Summer microhabitat use of the Greater Siren (Siren lacertina) and Two-toed Amphiuma (Amphiuma means) in an isolated wetland

in Amphibia-Reptilia
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Abstract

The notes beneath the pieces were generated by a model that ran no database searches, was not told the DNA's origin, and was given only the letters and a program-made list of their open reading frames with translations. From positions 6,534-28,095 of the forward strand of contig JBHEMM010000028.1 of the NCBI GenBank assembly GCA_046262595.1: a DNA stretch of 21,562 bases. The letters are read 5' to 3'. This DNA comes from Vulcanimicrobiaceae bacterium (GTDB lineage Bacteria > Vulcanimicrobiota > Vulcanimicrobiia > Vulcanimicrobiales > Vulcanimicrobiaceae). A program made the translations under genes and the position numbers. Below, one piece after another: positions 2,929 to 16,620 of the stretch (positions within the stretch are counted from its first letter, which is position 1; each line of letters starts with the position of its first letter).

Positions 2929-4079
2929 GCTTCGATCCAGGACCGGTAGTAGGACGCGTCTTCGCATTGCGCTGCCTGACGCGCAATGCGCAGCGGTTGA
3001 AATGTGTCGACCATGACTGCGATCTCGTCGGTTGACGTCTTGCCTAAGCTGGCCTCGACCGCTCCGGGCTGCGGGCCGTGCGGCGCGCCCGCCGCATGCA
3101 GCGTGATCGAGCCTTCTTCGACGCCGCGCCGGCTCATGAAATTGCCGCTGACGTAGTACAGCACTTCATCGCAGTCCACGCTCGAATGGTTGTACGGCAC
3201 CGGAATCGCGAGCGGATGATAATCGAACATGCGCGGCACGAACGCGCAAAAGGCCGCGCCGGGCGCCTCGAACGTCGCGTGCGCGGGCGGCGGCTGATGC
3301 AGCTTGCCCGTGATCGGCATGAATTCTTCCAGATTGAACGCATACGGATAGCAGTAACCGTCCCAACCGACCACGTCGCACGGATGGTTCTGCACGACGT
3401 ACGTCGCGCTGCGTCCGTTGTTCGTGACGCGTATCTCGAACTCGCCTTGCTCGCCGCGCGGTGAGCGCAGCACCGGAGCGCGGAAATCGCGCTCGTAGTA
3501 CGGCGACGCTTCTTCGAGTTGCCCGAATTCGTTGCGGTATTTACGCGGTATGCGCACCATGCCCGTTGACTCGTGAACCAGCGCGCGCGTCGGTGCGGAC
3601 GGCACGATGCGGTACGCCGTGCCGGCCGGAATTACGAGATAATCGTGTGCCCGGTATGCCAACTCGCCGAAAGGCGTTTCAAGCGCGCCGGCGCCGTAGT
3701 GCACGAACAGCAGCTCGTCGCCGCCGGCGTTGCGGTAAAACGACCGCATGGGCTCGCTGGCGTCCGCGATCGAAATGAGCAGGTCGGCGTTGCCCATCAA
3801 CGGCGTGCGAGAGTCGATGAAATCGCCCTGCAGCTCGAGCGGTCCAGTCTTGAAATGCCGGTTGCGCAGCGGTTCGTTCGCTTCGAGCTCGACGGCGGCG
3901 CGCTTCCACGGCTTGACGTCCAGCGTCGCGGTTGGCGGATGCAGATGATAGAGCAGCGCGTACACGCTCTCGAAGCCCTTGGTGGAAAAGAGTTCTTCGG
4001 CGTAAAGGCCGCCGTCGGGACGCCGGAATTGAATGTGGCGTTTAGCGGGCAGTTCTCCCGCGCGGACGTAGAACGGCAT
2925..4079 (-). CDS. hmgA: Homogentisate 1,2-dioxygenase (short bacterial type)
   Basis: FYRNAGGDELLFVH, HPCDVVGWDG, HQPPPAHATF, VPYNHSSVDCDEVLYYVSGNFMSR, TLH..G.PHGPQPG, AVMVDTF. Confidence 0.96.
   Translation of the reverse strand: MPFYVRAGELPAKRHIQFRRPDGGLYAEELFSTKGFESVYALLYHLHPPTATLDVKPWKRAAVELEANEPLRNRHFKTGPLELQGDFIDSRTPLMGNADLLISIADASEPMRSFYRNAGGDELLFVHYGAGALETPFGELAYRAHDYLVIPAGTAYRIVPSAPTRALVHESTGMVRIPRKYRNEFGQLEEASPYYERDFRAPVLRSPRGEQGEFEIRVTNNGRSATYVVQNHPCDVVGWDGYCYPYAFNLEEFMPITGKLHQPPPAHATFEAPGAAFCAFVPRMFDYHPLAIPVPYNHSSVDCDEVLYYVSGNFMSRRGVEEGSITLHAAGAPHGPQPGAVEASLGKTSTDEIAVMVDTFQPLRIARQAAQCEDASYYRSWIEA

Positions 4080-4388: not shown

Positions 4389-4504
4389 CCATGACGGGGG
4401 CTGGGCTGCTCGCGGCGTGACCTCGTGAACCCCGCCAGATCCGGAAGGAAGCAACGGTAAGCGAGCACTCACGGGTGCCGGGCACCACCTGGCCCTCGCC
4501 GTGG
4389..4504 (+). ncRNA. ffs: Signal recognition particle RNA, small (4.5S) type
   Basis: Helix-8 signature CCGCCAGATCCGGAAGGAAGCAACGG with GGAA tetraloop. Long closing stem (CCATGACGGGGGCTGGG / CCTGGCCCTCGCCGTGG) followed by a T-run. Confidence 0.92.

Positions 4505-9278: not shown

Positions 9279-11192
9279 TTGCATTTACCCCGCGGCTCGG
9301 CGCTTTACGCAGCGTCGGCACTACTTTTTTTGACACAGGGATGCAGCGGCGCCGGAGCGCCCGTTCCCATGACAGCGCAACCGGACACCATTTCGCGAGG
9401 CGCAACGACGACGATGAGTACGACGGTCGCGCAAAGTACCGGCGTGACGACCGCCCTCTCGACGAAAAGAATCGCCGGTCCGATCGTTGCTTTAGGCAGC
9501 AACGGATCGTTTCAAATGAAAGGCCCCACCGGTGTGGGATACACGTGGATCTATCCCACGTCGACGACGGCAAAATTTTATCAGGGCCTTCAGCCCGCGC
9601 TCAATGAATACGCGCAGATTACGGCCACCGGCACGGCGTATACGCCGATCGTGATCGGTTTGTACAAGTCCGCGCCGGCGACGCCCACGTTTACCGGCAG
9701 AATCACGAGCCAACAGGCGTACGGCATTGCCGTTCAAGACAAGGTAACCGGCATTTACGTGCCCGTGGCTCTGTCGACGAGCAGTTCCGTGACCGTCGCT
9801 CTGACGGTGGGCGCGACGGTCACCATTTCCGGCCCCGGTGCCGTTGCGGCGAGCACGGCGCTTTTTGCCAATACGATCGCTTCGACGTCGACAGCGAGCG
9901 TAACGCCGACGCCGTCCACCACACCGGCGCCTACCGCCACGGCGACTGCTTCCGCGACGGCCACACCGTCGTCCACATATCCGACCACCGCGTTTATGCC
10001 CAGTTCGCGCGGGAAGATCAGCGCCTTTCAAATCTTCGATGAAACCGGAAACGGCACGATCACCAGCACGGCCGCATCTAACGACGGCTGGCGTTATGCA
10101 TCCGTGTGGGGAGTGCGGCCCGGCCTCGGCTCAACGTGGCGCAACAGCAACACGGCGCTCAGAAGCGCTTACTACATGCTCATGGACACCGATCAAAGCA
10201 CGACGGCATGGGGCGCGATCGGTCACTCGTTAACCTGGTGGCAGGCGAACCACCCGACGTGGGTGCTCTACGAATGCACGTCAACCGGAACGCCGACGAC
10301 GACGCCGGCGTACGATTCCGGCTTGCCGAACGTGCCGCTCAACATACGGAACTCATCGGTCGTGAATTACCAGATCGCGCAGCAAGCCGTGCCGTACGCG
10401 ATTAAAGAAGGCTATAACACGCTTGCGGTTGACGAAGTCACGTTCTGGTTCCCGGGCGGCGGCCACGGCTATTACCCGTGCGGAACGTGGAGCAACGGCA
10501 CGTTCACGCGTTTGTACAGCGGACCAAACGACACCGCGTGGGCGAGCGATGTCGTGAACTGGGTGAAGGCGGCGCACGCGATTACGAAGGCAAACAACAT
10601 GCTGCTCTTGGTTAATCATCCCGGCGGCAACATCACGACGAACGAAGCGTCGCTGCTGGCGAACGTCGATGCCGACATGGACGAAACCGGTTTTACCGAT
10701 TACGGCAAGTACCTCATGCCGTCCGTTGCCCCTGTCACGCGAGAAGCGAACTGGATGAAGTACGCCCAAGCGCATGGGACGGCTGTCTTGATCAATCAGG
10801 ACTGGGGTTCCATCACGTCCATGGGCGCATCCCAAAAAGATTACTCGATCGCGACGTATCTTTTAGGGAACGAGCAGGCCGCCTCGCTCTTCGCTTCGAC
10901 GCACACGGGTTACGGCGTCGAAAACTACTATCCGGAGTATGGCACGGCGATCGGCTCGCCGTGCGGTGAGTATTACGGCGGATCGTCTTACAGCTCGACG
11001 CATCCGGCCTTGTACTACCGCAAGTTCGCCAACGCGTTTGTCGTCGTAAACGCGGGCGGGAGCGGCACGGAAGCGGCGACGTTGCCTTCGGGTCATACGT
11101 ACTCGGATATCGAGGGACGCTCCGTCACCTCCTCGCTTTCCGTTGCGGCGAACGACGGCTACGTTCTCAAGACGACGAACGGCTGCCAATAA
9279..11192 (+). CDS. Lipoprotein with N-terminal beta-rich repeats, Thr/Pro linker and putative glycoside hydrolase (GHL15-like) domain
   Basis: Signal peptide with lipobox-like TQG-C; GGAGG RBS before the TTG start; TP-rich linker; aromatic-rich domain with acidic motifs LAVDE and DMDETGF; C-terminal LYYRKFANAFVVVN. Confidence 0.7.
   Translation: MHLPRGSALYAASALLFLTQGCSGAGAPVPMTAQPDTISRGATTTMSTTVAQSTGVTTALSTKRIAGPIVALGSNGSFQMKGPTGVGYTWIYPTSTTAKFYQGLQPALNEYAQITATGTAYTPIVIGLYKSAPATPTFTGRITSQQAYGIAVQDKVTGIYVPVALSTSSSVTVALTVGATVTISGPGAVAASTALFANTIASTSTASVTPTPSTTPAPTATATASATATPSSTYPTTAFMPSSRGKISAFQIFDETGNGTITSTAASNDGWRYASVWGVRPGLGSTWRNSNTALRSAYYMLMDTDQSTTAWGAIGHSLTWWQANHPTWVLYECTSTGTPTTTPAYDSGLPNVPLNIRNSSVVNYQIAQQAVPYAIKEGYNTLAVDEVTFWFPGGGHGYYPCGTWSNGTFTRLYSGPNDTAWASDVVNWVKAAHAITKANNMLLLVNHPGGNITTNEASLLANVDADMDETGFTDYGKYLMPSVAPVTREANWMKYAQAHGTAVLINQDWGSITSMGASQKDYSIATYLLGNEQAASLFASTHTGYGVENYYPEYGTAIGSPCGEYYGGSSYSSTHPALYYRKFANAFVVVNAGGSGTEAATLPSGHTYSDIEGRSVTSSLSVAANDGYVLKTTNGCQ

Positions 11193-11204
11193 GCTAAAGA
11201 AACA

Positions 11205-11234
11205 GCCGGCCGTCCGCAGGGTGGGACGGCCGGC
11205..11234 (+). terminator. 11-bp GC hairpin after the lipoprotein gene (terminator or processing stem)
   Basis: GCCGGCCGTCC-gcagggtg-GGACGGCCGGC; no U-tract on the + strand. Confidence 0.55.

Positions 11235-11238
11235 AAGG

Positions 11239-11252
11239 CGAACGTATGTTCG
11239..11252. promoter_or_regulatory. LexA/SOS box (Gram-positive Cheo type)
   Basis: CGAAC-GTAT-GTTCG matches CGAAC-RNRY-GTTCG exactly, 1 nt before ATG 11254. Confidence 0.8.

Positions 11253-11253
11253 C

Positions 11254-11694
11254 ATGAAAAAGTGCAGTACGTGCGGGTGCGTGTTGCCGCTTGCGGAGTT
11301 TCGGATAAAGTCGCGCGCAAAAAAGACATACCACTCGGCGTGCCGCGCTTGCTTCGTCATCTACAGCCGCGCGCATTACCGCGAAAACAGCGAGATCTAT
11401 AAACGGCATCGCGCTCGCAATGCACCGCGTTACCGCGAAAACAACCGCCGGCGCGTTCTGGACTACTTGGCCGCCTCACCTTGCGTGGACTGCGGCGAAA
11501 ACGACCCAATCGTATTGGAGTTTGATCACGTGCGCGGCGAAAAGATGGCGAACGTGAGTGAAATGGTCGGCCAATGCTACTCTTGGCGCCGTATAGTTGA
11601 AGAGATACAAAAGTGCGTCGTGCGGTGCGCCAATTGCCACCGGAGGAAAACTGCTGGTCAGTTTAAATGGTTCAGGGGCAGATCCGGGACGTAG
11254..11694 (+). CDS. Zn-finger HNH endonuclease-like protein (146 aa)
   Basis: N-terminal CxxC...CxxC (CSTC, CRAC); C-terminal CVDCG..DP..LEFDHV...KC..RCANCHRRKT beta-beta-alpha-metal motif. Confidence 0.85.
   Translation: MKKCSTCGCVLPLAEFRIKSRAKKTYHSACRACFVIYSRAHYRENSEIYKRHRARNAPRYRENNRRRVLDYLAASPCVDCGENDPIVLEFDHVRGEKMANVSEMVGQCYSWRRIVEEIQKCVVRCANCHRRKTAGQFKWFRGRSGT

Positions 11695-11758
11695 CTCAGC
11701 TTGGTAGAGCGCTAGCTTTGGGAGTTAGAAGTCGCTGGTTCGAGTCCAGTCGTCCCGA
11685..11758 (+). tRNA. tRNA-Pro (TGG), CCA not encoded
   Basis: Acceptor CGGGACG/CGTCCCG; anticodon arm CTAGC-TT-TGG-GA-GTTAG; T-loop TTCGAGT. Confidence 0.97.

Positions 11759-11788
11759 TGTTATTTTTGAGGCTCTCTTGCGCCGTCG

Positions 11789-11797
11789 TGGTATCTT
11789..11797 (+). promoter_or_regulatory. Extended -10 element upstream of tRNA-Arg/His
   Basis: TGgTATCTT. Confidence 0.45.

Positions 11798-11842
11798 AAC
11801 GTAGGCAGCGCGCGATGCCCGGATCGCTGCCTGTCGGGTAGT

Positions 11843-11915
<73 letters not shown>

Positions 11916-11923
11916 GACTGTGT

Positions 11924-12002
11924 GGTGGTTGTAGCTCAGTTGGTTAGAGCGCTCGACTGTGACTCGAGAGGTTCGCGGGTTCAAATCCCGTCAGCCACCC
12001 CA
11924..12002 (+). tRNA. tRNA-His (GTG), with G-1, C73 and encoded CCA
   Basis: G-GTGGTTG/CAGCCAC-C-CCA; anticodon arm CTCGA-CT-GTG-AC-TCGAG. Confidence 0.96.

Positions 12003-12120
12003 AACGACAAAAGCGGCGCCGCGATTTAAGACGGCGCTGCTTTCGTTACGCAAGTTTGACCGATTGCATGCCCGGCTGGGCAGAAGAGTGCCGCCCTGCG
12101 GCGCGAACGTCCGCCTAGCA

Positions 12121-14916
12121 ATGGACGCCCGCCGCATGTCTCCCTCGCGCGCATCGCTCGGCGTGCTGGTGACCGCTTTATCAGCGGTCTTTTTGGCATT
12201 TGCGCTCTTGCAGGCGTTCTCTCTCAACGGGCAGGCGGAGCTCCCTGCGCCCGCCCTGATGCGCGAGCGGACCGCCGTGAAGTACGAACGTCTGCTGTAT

Although the habitats of the Greater Siren (Siren lacertina) and Two-toed Amphiuma (Amphiuma means) have been described on a coarse scale; the microhabitat(s) of these species has not been examined. We trapped from 12 June 2008 to 1 July 2008 in an isolated wetland on the Savannah River Site in South Carolina where these two salamander species occur in sympatry. Traps were set in three different microhabitats; the water's surface and benthic zone in deep water, and in a littoral zone. Siren lacertina captures were highest in the benthic zone, while A. means were captured more in the littoral zone. This differentiation in microhabitat usage may reflect a difference in prey availability or habitat structure; alternatively, it may be a response to interspecific interactions between species.

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